In 1931 Paris, aspiring French writer and obsessive diarist Anais Nin (de Medeiros) meets Henry Miller (Ward), an expatriate American who has come to Paris to become a writer himself. Nin and her banker husband Hugo Guiler (Grant) financially support the struggling Miller's efforts, but Nin also becomes sexually involved with the American. He talks incessantly about his bisexual wife June, a waitress and aspiring actress in New York about whom he is writing his first major work, "Tropic of Cancer." Eventually June comes to Paris and plays a cranky and demanding muse to the writers, both of whom obsess over and desire her. There are field trips to brothels, and Nin's sex life with her husband becomes more colorful as well. Philip Kaufman made this 1990 film, based on the steamy diary of Nin by the same name, right after "The Unbearable Lightness of Being," and though it is as gorgeous and steamily sensual as the earlier film (this was the first film to earn an NC-17 rating, as a classy alternative to X) and features some terrific performances (especially by WardUn and de Medeiros), it's not as coherent or thematically rich. Richly sensuous film, though.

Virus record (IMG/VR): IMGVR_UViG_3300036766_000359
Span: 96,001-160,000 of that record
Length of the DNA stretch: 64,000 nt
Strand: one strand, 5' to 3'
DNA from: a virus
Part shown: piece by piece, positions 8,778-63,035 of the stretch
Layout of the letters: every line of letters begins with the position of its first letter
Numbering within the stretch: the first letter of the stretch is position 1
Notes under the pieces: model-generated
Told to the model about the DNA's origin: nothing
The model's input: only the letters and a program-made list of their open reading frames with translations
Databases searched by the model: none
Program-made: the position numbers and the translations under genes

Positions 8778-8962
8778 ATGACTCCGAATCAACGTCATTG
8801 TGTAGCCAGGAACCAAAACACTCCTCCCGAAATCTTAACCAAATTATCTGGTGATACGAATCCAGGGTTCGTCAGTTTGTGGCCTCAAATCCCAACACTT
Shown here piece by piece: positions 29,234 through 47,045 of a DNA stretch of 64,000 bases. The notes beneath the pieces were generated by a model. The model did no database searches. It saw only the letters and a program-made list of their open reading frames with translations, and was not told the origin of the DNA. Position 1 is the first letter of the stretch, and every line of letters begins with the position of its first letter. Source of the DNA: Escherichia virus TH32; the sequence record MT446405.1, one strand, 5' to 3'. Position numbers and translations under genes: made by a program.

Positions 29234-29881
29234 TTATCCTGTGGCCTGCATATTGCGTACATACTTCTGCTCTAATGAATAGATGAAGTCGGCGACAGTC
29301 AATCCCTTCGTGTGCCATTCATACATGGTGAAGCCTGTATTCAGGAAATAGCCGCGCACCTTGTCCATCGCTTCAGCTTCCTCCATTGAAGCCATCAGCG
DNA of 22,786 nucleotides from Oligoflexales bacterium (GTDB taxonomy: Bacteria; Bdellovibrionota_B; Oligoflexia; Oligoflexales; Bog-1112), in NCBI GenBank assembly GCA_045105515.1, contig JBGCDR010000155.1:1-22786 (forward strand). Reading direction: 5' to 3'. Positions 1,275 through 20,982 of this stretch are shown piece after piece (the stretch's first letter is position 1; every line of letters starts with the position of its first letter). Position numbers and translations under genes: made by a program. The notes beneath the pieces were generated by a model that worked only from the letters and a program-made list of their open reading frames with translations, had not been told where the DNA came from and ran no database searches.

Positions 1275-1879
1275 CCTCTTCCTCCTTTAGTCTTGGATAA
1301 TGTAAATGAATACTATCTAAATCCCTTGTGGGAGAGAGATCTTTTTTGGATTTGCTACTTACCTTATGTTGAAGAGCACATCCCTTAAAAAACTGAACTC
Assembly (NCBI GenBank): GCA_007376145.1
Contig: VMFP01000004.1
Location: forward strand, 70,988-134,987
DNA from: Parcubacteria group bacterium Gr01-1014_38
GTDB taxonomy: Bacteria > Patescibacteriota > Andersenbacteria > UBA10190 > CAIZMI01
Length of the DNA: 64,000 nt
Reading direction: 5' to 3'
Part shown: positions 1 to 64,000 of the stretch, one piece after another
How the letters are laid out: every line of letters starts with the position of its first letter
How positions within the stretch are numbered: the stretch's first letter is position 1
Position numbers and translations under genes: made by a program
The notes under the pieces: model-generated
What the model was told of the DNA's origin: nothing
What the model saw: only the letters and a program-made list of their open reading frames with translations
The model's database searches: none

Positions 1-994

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The review of this Movie prepared by David Loftus